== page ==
NPR One Lets Listeners Hear Radio Their Way
NPR One puts a lot more play in the radio experience. The app not only allows listeners to pick and choose their content, but also learns their preferences in order to make recommendations. It also incorporates local programming. "With 268 different NPR members and over 800 stations, this is a really ambitious project, yet it works well," said radio consultant James Cridland.
NPR last week launched a mobile app that gives modern listeners a new way to access personalized radio content.
NPR One provides mobile device users a stream of news stories based on their preferences. They can curate a playlist of their favorite NPR podcasts -- such as Fresh Air, for instance -- as well as stories aired on their local public radio station.
The app, which is available for free for iOS and Android, is designed to work better the more the user listens and provides feedback. Users can mark stories as "interesting" or share them with friends, giving NPR a better idea of exactly the kind of stories they want to hear.
Within the app, they can skip, rewind or pause broadcasts, as well as search for specific NPR shows, stations, or news from a certain place.
NPR already offers NPR News, a mobile app for iOS, but NPR One is designed to be a more personal radio feed.
It was a huge undertaking for NPR to offer this kind of personalization, but it appears to be worth it, said James Cridland, a radio consultant and futurologist.
"What's interesting to see is that NPR have seamlessly incorporated local programming into this app, recognizing the power of good, local, relevant content," he told TechNewsWorld. "With 268 different NPR members and over 800 stations, this is a really ambitious project, yet it works well."
Reaching Beyond NPR Fandom?
One major issue NPR may have to contend with regarding the app is fragmentation -- a big burden for a radio organization that relies on public funding, said Dan Spice, vice president at The Lund Consultants.
"The real downside to such an app is the more fragmented audience that may not be properly measured in ratings and development costs," he pointed out.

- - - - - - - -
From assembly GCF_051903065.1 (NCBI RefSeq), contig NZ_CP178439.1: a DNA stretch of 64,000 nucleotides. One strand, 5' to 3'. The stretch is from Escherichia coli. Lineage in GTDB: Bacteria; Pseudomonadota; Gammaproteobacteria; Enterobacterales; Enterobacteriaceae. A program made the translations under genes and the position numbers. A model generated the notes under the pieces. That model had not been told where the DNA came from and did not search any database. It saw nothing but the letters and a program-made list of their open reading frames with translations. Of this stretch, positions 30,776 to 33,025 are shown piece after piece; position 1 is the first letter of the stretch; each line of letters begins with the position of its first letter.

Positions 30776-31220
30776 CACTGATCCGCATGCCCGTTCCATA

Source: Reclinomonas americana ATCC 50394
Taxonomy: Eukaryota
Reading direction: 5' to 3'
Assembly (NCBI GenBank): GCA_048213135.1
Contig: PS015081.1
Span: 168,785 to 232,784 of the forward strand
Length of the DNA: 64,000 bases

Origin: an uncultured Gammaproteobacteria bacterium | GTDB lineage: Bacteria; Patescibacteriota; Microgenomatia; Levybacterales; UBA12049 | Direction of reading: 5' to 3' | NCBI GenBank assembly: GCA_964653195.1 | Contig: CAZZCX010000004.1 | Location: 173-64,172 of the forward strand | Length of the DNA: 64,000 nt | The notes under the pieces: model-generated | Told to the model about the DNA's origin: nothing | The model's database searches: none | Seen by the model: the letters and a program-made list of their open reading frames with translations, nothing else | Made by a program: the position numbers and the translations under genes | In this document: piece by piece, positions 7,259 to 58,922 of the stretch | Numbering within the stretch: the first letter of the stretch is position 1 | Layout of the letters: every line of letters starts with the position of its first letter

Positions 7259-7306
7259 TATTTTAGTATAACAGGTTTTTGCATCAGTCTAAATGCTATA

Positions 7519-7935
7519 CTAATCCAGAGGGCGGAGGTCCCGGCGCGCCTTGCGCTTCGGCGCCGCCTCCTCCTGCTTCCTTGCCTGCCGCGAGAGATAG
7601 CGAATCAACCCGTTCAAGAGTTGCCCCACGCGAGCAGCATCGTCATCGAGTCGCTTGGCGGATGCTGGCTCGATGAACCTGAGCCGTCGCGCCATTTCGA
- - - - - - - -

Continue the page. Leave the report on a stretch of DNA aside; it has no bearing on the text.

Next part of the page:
Another big challenge for NPR is reaching a new audience, said Cridland. Winning new NPR patrons would be a huge plus for the app, as without those gains, it will amount to just another platform already-loyal listeners can enjoy.
"The challenge will be ensuring that it isn't just used by NPR super fans, but by people who have historically shied away from the output of their local NPR station -- output that can be frustratingly inconsistent," Cridland pointed out.
Radio for a New Era
The app is a great way to help radio stay current in today's world of digital entertainment, said Spice. Radio long has been overshadowed as the primary news medium, but it has been a resilient form of media, thanks to its ability to adapt to the changing needs and lifestyles of content consumers.
"Phones, tablets and iPads are the de facto remote control, allowing access whenever and wherever that consumer goes," Cridland observed. "Such apps are key to serving audiences in migration. Being able to listen to saved content is a great advantage for the user."
NPR recognizes that today's radio listeners want to be able to control what they hear -- a realization that will help it stay relevant in this evolving space, he added.
"It's interesting to see this launch on the same day that Swell got bought by Apple," Cridland pointed out. "I think both companies -- NPR and Apple -- understand that the future of personalized radio is radio -- not just a mindless music jukebox."